An Inconvenient Woman

An ungrievable life is one that cannot be mourned because it has never lived, that is, it has never counted as a life at all.

– Judith Butler

Journalists, when reporting from the wastelands of US imperialism, have become adept at deploying what Eve Tuck called “moves to innocence”: the act of disappearing the role of the US in creating wastelands. These “moves to innocence” are one of US journalism’s essential roles. Journalists rely on liberal discourses–feminism, democracy, free speech, human rights–to whitewash US war crimes and acts of aggression and erase its role as the creator of violence. They become magicians, disappearing history and chronology and repainting themselves as “innocents abroad,” merely reporting on the world.

On October 13, 2013, Malala Yousafzai, a 15-year-old Pakistani schoolgirl, was received at the White House by President Barack Obama and his wife, Michelle Obama. Malala, perhaps even to her surprise, had by then become an international cause célèbre and rocketed to international celebrity after Taliban shooters attacked a girl’s school in Swat, Pakistan, and injured her. She became a global spokesperson for girls’ education and, equally, for the liberal West’s self-proclaimed struggle against the tyranny of religious obscurantism. For a US and Pakistani military and political establishment mired in a seemingly pointless and unresolvable conflict on the Pakistan-Afghanistan border regions, Malala offered the “women’s rights” cover to a war that was becoming one of the US’s most protracted and most intractable.

The use of brown women to cover US imperial wars in the region wasn’t anything new. [Deepa Kumar, Islamophobia and the Politics of Empire, Haymarket Books, 2012]. Laura Bush–treading a long tradition of colonial claims of “freeing brown women from brown men” [Gayatri Chakravorty Spivak, “Can The Subaltern Speak,” In Patrick Williams and Laura Chrisman (Eds), Colonial Discourses and Post-Colonial Theory, Harvester, 1993:93] as justifications for colonial repressions and killing–had argued that the “fight against terrorism is also a fight for the rights and dignity of women.” [Full text of Laura Bush’s radio address is available online at as part of the “Report on the Taliban’s War Against Women” here: (last accessed January 2021)].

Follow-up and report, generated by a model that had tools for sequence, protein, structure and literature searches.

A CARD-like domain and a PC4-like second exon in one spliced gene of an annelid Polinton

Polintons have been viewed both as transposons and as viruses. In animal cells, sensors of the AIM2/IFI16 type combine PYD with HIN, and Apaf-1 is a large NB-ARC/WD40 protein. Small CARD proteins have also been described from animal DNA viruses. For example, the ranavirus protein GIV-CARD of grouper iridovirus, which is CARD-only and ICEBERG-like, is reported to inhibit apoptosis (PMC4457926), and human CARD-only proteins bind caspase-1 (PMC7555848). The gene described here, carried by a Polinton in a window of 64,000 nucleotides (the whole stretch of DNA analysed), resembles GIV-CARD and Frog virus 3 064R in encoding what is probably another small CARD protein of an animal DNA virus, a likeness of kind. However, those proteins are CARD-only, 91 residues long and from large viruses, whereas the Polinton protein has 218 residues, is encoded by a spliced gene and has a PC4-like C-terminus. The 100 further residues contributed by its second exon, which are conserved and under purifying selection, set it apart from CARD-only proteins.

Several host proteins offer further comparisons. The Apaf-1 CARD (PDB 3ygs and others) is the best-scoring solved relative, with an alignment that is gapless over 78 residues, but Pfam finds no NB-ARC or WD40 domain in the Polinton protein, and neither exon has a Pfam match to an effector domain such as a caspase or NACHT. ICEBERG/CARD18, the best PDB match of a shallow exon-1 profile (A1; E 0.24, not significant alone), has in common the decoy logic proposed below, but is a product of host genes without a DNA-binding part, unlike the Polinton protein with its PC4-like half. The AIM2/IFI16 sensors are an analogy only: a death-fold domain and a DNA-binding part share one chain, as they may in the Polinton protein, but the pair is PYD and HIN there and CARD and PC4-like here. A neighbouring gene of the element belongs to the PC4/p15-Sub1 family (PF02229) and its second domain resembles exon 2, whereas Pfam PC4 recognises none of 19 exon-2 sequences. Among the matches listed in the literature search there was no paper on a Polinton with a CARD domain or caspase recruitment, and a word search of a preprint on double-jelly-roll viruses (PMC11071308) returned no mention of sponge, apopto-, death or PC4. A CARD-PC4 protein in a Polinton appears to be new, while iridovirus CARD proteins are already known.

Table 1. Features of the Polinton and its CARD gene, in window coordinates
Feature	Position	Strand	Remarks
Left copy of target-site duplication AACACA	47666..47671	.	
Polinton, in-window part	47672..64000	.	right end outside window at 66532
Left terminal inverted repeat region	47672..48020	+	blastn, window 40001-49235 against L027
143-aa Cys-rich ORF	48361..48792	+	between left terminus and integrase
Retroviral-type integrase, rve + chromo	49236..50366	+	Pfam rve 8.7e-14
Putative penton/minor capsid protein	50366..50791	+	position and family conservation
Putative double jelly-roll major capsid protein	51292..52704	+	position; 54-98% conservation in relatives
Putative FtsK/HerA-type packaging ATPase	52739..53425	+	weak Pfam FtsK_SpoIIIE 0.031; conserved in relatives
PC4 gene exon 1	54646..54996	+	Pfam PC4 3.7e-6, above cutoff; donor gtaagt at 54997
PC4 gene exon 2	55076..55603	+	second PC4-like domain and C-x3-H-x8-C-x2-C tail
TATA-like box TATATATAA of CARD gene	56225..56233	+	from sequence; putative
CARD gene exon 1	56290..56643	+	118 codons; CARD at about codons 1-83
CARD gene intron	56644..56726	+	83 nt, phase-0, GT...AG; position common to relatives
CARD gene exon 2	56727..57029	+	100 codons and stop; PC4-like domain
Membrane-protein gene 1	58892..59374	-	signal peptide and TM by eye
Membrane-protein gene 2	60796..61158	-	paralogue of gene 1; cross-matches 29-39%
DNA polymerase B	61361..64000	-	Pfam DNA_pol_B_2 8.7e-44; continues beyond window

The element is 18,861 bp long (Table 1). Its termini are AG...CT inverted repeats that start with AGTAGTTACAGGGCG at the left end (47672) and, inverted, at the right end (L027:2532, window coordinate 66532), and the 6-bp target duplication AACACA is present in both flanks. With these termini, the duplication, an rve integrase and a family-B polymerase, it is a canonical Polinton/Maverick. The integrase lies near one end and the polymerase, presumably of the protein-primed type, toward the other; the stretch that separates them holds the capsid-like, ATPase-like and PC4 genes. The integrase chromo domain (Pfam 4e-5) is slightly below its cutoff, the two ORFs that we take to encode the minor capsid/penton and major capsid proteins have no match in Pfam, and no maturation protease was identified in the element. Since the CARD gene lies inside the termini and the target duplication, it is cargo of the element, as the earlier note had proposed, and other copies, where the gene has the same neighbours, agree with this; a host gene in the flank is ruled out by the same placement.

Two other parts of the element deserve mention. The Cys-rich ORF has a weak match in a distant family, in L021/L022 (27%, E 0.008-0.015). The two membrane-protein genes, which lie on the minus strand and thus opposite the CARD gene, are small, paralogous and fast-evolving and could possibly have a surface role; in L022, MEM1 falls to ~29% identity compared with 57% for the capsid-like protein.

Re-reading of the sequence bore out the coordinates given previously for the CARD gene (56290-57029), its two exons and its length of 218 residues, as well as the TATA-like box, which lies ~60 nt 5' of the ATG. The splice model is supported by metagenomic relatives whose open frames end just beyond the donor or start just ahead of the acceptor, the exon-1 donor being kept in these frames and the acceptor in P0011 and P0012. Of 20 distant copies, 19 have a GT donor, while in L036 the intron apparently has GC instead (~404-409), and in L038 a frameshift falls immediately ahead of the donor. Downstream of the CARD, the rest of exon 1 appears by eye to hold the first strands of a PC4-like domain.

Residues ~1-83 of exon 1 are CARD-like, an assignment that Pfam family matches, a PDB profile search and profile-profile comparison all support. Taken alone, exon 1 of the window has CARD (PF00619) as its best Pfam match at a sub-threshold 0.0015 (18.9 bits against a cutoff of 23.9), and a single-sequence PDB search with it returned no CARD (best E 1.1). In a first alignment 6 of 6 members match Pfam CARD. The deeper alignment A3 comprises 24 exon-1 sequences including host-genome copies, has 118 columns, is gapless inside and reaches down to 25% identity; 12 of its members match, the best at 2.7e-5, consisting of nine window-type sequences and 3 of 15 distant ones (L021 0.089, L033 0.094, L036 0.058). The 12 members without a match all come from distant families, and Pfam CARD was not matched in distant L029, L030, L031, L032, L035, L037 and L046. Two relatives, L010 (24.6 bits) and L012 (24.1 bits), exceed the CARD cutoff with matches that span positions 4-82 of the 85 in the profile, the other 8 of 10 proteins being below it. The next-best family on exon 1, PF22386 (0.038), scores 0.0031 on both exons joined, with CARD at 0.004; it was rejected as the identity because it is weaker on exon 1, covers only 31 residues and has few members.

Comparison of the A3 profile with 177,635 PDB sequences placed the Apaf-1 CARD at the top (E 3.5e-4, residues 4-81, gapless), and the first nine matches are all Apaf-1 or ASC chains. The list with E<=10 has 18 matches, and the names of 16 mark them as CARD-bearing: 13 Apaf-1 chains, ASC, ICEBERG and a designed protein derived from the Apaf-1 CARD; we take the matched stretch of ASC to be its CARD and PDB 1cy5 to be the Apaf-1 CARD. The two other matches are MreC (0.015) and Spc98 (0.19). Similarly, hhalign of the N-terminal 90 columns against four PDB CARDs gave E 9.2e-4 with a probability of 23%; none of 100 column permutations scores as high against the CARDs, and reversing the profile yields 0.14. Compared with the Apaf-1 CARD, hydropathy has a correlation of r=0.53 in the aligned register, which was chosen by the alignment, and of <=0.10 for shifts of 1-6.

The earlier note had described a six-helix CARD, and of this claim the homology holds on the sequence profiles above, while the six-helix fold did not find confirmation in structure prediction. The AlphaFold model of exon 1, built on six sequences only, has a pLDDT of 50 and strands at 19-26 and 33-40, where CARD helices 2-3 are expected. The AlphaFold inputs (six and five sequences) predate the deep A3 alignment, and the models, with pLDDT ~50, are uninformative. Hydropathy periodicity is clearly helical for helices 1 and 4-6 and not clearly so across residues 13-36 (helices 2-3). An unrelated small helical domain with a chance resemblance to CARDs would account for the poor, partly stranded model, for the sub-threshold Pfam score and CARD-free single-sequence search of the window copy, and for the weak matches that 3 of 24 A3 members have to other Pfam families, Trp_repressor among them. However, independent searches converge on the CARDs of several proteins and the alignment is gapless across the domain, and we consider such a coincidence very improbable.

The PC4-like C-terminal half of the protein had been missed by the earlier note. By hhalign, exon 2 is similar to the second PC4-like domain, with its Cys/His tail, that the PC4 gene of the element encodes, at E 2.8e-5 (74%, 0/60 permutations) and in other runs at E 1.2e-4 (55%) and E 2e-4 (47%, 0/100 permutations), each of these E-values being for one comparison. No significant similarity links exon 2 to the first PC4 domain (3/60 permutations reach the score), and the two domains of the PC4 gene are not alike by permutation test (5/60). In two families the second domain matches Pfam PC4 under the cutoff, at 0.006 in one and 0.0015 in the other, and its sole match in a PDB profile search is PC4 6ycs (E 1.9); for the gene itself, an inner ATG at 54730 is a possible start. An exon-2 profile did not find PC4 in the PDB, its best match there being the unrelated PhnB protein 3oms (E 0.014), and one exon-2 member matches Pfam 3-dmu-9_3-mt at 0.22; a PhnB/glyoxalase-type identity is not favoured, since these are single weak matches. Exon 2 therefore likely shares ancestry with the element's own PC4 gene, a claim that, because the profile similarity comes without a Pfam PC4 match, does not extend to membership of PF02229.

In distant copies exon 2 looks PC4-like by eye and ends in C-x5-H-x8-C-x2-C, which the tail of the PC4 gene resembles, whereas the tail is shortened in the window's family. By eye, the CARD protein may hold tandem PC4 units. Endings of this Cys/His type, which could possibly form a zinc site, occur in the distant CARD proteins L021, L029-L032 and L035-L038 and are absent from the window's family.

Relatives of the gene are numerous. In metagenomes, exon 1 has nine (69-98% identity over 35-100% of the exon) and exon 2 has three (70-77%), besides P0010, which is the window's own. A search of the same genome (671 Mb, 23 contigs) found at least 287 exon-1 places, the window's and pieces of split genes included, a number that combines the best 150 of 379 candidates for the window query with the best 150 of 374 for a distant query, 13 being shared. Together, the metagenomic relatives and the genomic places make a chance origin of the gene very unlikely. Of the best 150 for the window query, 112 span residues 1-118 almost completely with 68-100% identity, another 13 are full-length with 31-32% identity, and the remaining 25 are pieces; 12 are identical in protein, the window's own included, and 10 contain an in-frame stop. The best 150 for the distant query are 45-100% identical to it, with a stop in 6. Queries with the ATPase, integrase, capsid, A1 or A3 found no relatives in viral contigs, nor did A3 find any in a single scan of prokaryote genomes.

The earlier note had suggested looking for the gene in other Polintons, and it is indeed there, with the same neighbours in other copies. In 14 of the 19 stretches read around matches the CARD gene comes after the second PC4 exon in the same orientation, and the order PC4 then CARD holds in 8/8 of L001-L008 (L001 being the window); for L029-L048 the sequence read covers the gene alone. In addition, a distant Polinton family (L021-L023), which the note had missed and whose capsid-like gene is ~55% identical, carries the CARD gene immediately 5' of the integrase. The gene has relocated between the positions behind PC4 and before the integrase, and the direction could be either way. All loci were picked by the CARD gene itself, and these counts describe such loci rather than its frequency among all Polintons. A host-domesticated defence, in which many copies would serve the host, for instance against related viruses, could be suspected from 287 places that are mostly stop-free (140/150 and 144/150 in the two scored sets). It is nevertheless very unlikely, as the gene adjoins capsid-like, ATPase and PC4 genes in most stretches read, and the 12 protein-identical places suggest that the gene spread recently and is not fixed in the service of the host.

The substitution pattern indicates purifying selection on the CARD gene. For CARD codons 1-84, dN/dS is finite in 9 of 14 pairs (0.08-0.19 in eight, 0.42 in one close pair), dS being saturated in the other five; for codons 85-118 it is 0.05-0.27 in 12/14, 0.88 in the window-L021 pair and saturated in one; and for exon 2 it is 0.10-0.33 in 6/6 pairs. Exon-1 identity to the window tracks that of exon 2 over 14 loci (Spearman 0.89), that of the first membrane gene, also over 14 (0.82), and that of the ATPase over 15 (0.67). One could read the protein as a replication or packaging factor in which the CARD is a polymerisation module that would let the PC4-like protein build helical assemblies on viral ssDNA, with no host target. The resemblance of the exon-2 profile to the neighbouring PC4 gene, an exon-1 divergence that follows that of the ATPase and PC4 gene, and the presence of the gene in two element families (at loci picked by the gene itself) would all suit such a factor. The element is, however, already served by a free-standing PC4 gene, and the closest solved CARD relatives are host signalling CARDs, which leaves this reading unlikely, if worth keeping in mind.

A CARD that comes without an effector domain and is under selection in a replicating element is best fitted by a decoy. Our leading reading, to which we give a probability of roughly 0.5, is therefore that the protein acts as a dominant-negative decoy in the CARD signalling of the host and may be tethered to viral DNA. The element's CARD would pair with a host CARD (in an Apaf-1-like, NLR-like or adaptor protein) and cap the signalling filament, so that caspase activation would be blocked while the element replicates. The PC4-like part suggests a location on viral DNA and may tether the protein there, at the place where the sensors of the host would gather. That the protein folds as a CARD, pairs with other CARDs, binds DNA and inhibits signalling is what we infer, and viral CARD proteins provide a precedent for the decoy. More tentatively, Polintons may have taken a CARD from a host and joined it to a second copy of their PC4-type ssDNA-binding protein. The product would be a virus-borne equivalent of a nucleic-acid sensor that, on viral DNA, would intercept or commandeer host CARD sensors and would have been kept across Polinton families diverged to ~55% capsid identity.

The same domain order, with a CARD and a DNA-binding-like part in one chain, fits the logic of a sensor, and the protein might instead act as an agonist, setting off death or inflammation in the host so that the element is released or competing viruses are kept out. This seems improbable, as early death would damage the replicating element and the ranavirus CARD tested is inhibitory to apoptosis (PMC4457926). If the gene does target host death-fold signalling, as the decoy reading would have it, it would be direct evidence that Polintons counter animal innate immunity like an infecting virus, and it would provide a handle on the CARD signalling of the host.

The attack on Malala captured the political and media’s imagination because it encapsulated in one stroke the humanitarian and feminist message of the US “war on terror.” Girls’ educational rights fitted well with militant Western imperialism’s self-image as a civilizational and progressive force in the region. It helped the Pakistani political and military establishment garland itself as a liberal force while ensuring that its historical record of near-complete neglect of and indifference towards public education for girls and boys in Pakistan remained unquestioned.

On her visit to the USA, she was feted and received by many influential political figures, activists, socialites, and celebrities. She appeared as a guest on The Daily Show–the ultimate measure of her acceptance into the American popular imagination. The European Union honored her with the Sakharov Human Rights Prize. She spoke at Harvard University. She later shared the Nobel Peace Prize with Kailash Satyarthi, an Indian campaigner against the exploitation of children.

“We were awe-struck by her courage,” President Obama stated during his meeting with her at the White House, “and filled with hope knowing this is only the beginning of her extraordinary efforts to make the world a better place.” [The White House, Office of the Press Secretary, “Statement by the President on Malala Yousafzai and Kailash Satyarthi Winning the 2014 Nobel Peace Prize”, October 10, 2014].

There is a veritable industry focused on painting Malala Yousafzai as a tool of Western imperial interests. I have no intention of joining that industry. I am interested in understanding how women from the geographies of US imperialism are carefully chosen as “symbols” to represent the “civilizational” benefits of US violence and wars. This is, of course, an old colonial tactic, one frequently put to use by the British, the French, and other colonial powers to justify their genocidal crimes, body and resource thefts, and destruction of life and society.

Books that speak to this question include Malek Alloula’s The Colonial Harem, University of Minnesota Press, 1986; Deepa Kumar’s Islamophobia and the Politics of Empire, Verso Book, 2021; Mimi Thi Nguyen, “The Biopower of Beauty: Humanitarian Imperialisms and Global Feminisms in an Age of Terror,” Signs, Volume 36, Number 2Winter 2011; Joseph Massad, Islam in Liberalism, The University of Chicago Press, 2014; Inderpal Grewal, Transnational America: Feminisms, Diasporas, Neoliberalisms, Duke University Press, 2005].